Bonus post today, just because I felt like it.
Dave Ramsey is launching a new vertical in his company: EntreLeadership.
From what I can tell, it’s a book and “consulting” program for running a successful company much like Financial Peace University is a book and consulting program for running a successful personal budget.
This will be a blogging goldmine.
Dave Ramsey may totally miss the mark on mortgages, tax deductions, investment choices, and a billion other items for our personal budgets. But now he’s going to show us how we can slaughter critical thinking in business budgets, balance sheets, and income statements. I can’t wait.
It’s one thing to write a book about how to get out of debt and stay out of debt on your personal balance sheet. But businesses are not people. Businesses do not run on cash, and the most profitable businesses are not debt free. This is going to be corporate finance gold. Gold, I tell you.
Debt is the engine of a successful business operation. If cost of debt service is less than the return on assets, then leverage makes sense. But not for Ramsey. Of course, this book includes “everything they should have taught you in business school.”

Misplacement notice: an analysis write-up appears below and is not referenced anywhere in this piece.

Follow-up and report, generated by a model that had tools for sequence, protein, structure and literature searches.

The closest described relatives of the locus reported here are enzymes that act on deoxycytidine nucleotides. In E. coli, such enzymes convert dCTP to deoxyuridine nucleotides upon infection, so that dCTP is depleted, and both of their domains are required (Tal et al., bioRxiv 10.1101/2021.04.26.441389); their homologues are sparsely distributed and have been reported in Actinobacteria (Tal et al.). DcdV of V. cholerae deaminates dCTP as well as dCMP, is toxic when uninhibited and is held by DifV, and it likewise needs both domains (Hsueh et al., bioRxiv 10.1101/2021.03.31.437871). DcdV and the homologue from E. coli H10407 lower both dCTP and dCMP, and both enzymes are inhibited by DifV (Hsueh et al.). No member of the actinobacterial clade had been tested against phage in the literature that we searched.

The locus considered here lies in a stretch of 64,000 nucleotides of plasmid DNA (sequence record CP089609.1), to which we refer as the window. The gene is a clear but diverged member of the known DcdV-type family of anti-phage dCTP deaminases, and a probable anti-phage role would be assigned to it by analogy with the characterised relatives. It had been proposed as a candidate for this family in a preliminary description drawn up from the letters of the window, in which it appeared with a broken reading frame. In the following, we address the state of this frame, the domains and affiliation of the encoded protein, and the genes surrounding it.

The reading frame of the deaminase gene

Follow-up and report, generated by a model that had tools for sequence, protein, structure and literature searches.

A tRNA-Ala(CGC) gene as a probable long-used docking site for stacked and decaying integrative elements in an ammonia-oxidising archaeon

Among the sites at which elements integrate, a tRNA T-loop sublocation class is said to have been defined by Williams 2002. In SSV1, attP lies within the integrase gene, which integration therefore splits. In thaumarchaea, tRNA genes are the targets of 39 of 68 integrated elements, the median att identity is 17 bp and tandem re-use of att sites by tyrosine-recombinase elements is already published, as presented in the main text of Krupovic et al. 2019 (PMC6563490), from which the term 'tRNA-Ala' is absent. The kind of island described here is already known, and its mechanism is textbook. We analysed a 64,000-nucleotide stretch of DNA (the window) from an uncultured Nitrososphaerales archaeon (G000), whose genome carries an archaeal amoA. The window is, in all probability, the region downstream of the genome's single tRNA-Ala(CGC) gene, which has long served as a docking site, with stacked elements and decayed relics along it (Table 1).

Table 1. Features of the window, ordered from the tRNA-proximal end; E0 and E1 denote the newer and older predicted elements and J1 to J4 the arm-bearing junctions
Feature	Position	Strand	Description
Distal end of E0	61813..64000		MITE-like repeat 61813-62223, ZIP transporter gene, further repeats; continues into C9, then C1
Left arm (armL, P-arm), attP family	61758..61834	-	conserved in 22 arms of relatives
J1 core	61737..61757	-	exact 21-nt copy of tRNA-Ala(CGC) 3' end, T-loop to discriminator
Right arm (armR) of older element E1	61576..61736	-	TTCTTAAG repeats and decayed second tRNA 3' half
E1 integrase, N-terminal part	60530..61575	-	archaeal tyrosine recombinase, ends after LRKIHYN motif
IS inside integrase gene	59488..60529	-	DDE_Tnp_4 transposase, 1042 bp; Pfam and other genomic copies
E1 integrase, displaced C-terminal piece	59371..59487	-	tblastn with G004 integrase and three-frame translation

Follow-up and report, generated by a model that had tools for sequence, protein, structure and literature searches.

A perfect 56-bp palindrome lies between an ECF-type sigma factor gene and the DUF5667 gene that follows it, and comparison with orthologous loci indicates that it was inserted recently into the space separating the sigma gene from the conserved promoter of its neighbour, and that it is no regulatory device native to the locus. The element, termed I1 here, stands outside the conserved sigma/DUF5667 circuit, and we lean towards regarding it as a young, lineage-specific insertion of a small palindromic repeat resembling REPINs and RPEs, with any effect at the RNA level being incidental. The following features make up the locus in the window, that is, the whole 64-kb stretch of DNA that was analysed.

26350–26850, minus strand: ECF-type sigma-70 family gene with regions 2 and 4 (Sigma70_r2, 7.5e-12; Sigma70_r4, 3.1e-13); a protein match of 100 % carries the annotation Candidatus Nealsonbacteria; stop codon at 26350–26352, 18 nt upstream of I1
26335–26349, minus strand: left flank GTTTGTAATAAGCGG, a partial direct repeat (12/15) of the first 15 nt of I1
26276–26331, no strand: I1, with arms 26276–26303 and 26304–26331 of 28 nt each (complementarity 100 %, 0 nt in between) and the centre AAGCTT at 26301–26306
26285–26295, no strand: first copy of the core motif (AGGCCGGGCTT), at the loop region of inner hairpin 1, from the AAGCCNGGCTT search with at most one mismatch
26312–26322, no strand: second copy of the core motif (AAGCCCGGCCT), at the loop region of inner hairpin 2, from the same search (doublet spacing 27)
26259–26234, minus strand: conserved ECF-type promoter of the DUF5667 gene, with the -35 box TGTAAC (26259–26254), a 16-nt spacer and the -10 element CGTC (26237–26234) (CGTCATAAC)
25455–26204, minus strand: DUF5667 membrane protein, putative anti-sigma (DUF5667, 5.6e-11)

Dave tells you that he went broke by buying real estate on leverage. What he doesn’t tell you is that he ignored the most basic concept in corporate finance: capital structure. It’s true; he bought long-term real estate investments with short-term leverage, the equivalent of borrowing money at 2 years to buy a 30 year treasury bond. It’s stupid. Dave’s stupid.
And of course, his stupidity lives on. What did Dave learn from the experience? Well, for starters, he didn’t learn his lesson: cash flow and debt service have to be structured intelligently. He didn’t learn that there is such a thing as systematic risk.
However, he did learn that all debt was bad because it was debt, not stupid use of debt, that made him broke. Parallel logic would recommend that business owners close up shop on all Wednesdays if a certain Wednesday just happens to be unprofitable. No logical business owner would ever do that.
Just in case you’re interested, Dave’s new deal is on Amazon for pre-order: EntreLeadership: 20 Years of Practical Business Wisdom from the Trenches. And, just like before, he’s setting up an “ELP” vertical so that he can monetize your bad decisions that he encouraged.
If Dave Ramsey were made CFO of a publicly-traded Fortune 100 company tomorrow, would you buy into it?
If you answered yes to the question above, are you currently under the influence of any drugs or alcohol?
Bonus points: Do you think Dave considers a return on assets of less than 12% per year to be a negative economic return on capital since “growth stock mutual funds” provide similar returns?